I leave Washington Square before the gathering of another demonstration. Its' two days before the annual New York Marathon, and a shiver goes up my spine. I already checked the weather forecast. It's going to be perfect. 56 degrees with very light winds and no rain. It's Ideal.
This time I will not take part in the celebration of 50,000 runners. I didn't train properly for such a challenge. And even if I were in good shape to complete the 26,2 miles, it's too late to enroll. The demand is huge and registration ends within days after the last race.
New York marathon is one of the four biggest, most important and prestigious races, along with the Chicago, London and Berlin marathons. I ran all of them. My personal best in New York was 3:12, if I am not wrong, but that was nearly twenty years ago. I believe now I can make it in 4:30, which is the average time for a finisher in the New York marathon.
From the Square I run south via Thompson street, to Houston. In front of me is SOHO, with its narrow streets. It's one of the city's famous land marks. In the 50's and 60's poor bohemians and artists moved into its workshops and attics, now known as lofts. Since then the area underwent gentrification and boasts of posh apartments and fashionable shops.
It is invaded by troops of tourists, mostly during the weekends, but even mid-week days are quite crowded. As I run through East Village I have to navigate my way among the pedestrians. Frankly I don't mind. The human kaleidoscope always makes the run interesting and less boring.
After a mile or so I go on a flyover bridge, cross the jammed FDR and reach the East River. Most of the runners I know prefer to run in the west part of the city, along the classy Hudson River. But the East River is more to my taste. It is less imposing.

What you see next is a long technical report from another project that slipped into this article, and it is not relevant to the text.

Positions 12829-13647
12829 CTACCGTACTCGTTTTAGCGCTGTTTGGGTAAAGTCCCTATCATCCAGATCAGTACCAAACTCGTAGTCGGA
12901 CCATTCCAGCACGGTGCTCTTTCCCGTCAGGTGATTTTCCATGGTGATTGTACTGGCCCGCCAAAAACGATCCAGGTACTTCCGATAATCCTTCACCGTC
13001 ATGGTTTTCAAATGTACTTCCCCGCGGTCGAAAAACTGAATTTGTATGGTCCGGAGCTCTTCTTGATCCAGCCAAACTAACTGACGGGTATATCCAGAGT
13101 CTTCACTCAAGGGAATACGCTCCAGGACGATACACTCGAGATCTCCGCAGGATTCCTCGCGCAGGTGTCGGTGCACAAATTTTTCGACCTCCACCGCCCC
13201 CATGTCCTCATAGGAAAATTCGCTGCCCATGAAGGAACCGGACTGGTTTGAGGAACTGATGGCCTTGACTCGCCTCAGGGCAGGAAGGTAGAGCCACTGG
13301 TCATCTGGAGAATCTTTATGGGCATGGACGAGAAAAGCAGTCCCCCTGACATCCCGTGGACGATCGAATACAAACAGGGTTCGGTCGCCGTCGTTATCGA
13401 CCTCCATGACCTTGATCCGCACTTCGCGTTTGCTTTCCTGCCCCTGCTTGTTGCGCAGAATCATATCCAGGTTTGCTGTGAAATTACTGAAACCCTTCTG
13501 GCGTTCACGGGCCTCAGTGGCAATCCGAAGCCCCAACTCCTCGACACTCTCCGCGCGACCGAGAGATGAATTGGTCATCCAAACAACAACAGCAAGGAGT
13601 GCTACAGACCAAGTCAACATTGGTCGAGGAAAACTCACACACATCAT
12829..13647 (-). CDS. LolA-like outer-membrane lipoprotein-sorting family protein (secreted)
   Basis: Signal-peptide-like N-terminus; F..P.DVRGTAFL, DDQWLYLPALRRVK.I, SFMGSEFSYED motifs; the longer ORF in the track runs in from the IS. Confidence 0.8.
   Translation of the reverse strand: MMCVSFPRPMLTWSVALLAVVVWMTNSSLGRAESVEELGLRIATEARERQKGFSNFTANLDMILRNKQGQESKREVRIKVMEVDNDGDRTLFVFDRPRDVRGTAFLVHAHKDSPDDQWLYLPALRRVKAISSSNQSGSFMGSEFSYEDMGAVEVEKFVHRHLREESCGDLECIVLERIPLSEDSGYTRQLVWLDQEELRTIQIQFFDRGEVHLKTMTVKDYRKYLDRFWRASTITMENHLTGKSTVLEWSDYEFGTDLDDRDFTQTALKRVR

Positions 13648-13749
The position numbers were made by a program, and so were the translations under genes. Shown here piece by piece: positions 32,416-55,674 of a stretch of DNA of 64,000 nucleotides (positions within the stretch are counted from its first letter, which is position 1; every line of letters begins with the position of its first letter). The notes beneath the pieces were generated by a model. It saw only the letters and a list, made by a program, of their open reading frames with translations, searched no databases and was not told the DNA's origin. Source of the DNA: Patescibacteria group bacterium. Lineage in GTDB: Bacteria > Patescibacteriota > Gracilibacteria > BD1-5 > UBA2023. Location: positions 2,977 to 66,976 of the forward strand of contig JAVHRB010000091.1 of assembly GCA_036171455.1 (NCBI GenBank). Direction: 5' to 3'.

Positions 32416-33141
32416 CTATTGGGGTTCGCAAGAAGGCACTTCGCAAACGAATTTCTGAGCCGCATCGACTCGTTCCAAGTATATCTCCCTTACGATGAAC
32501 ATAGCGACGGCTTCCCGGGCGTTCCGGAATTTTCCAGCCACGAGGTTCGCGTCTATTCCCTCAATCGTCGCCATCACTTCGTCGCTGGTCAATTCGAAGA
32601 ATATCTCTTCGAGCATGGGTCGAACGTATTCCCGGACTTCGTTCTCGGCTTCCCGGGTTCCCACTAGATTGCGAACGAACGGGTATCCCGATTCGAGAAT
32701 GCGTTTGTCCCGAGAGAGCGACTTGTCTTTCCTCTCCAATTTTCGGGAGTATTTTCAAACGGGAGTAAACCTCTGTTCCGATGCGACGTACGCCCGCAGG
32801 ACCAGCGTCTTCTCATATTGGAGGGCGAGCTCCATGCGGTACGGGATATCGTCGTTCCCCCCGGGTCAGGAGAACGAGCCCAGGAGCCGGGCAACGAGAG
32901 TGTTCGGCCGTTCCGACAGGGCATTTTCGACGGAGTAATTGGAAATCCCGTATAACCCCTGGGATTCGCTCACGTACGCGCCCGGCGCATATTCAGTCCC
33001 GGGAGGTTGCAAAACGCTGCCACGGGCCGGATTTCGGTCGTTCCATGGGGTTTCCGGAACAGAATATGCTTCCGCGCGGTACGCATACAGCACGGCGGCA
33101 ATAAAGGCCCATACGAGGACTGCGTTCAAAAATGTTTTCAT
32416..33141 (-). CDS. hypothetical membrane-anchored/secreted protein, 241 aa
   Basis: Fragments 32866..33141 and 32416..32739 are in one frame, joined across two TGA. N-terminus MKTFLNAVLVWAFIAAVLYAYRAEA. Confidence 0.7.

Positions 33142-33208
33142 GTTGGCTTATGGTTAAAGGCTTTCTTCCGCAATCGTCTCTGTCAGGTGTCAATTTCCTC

Across the water Brooklyn landscape is visible. The running promenade is very nice with water fountains. The air is fresh and a pleasant breeze cools me off and helps me run. Not to mention that it is less crowded with few runners than on the Hudson.
I head north and after a mile plus reach a dead-end at 34 St. There is a plaza there and I notice a big table at its center with people behind them serving food . A long orderly queue waits in silence. New York City has hundreds of stationary and mobile soup kitchens. I checked with City Hall and was told that there are more than 30,000 homeless.
What caught my eyes in this queue was the fact that the people waiting for a plate of rice vegetable and meat did not look poor. There were women and men, old and young. This is our 21st century of ugly capitalism and globalization which mercilessly divides people into haves and has not.
The East River walk board is discontinued and blocked because the UN headquarters are stretched over 26 blocks and it is not open it to the public. I had the opportunity to be inside the UN compound and thought what a pity. The lawns and the walk board are magnificent, overlooking the river. It is reported that only in 2024 the UN will open its gates to the public. Thank you.
I am forced to go around the UN compound and make detour and run once again on the hard surface of the First Avenue pavement. Roughly 250 feet separate between one block to another. After 12 minutes and 1.3 mile I reached 60th street, and can once again feel the river breeze. I keep running. My destination is 77th St. I see the Queensborough Bridge looming in front of me.
I am once again down memory lane. This is the 17th mile mark when marathoners get off the bridge. It's hard to forget my excitement when I entered First Avenue, the roar of the crowd cheering each runner as if he or she were the chosen one.
I also recall the spectacular sights of thousands of runners ahead of me running north in the direction of Bronx and then to Central Park. It was like a corn field moving with the wind. I am shivering again.
Today the Avenue is jammed with cars and pedestrians and is noisy. I pause for a moment and am overwhelmed with nostalgia. I pity myself for not being a part of the fraternity on Sunday but I tell myself be happy with what you have. You are still able to run the streets of New York, and who knows maybe next year or the year after when you are seventy you will get lucky and run another New York marathon.